La Terre Est Bleue Comme Une Orange

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What note should we start playing to get this riff going? A few major milestones have been reached this week, both personal and impersonal. We’ll start on a personal note then.

It’s funny how nature wastes nothing, even in the recurrence of words both delivered and received in the course of our lives. A case in point, five years ago – years that feel to this writer like they belong to another dimension of reality – a quite splendiferous woman loomed over my recumbent frame, held out her clasped fingers and, in a theatrical rendition every inch Hamlet holding Yorick’s skull, said La Terre est Bleue Comme une Orange. She then repeated it with added French verve, La terrrre (actus dramaticus – herein she made the letter ‘r’ in terre sound sexily gutteral) est bleue (for this word, her lips were pursed to bursting) comme une orange. Et voilà!

If the phrase weren’t so nonsensical it would be irresistible. Coined originally by the formative surrealist, Paul Eluard, the sentence translated as The earth is blue like an orange. A phrase still etched into the cultural subconscious decades later, it became a motif for the surrealist movement. And I mention this because I picked up a Guardian article this week on surrealism and lo and behold there it was printed plain as day. La Terre est Bleue Comme une Orange. And at moment those memories of that girl whose natural self-effacement and feelings of not ‘être a la hauteur’ – being ‘good enough’, in other words – derailed her dreams of the stage, were brought back to me in a flood of blues and oranges. As she, like Eluard’s blue planet of citric fruit, never really disappeared from consciousness, I thought of the untimeliness of recurrence. It all comes back, but where and when who can tell. The waking dream that is life, now there’s the essence of the earth blue as an orange. What better way to make real what is surreal?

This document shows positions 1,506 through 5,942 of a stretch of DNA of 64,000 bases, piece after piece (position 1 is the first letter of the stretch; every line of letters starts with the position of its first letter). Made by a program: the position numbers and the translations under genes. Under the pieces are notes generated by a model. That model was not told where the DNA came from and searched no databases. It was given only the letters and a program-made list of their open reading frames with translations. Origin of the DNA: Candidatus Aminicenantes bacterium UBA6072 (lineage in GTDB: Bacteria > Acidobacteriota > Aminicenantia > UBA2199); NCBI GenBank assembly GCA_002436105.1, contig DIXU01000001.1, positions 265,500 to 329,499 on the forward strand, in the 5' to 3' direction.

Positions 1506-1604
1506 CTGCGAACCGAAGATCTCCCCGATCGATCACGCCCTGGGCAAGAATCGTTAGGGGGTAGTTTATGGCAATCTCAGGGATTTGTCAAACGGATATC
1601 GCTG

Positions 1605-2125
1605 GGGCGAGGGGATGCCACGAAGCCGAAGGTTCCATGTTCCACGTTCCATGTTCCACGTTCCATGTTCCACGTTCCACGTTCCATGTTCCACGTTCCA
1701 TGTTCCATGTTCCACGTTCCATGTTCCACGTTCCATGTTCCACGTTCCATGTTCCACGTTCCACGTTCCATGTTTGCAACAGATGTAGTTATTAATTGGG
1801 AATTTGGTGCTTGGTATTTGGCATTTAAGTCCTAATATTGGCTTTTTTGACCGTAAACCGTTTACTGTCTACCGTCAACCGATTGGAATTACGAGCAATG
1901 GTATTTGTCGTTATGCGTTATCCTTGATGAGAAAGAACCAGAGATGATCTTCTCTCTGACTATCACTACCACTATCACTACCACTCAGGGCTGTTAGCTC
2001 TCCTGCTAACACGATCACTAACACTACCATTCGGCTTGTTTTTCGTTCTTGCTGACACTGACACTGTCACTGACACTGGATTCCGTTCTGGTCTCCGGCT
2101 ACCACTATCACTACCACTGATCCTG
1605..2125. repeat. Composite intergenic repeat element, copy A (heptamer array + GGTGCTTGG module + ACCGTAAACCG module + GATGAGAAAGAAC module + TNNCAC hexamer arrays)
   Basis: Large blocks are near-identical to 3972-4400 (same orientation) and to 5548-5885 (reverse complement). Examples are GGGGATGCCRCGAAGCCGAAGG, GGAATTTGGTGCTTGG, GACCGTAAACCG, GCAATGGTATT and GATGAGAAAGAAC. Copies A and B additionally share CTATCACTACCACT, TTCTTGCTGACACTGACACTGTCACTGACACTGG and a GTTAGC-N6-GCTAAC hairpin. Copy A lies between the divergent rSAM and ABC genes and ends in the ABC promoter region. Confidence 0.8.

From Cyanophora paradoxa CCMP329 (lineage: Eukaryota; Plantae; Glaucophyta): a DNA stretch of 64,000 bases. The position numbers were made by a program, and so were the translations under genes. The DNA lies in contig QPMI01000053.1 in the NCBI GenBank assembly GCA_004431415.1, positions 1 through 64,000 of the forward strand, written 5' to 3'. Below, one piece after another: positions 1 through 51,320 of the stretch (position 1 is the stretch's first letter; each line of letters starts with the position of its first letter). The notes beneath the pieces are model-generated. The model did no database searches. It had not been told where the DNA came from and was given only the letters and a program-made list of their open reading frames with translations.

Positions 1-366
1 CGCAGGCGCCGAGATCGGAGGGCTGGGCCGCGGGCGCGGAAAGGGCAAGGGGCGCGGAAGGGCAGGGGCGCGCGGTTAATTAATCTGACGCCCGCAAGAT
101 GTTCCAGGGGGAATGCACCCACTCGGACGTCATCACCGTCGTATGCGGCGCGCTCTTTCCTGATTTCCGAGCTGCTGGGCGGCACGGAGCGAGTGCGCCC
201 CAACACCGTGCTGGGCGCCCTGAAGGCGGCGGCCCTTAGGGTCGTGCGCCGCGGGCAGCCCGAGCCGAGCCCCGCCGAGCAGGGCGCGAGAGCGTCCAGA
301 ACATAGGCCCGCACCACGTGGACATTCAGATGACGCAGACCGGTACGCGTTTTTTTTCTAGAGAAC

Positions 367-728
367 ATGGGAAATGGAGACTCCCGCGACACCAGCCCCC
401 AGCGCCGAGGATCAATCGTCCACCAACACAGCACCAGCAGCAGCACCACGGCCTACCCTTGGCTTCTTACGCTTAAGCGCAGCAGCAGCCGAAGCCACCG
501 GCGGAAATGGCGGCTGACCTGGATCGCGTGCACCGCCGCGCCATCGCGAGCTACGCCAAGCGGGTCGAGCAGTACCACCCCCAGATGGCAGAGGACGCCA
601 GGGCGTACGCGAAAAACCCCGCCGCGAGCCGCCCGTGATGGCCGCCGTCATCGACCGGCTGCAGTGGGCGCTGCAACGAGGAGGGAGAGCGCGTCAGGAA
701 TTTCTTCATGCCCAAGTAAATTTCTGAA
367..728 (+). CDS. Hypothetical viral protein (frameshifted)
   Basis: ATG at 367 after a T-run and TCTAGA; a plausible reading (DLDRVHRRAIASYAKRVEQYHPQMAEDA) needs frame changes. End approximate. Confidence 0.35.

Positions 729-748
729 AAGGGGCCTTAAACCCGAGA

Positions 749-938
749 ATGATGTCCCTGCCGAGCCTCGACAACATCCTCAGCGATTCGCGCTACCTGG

In other news, Paris is drowning. As the mighty Seine creeps higher and higher, even the doors of the Louvre have been sealed and the priceless artefacts contained therein boxed and evacuated. When the Luftwaffe reigned the skies back in the summer of 1940, the British Government did likewise by stuffing the Royal family into crates cushioned by scrunched newspaper, ready to ship them out to the Canadian Arctic where they could chill a while until Churchill had downed enough of their VSOP brandy to come good on his oratory.

The central European whirlpool of rain has been biblical. Cars bobbing on a rushing torrent of brown, churning water like they were rubber duckies. Although Europe has been on the receiving end throughout recorded history – think the rains that turned the 100 years war between England and France into a mud-bloodbath – there’s something disquieting about the extreme force with which mother nature is throwing atmospheric phenomena at us. Newton’s Third Law is exaggerated with these rains. For every man-made action there is an unequal and disproportionate reaction on the part of nature. The more we push her, the harder she’ll push back. Environmental provocateurs beware.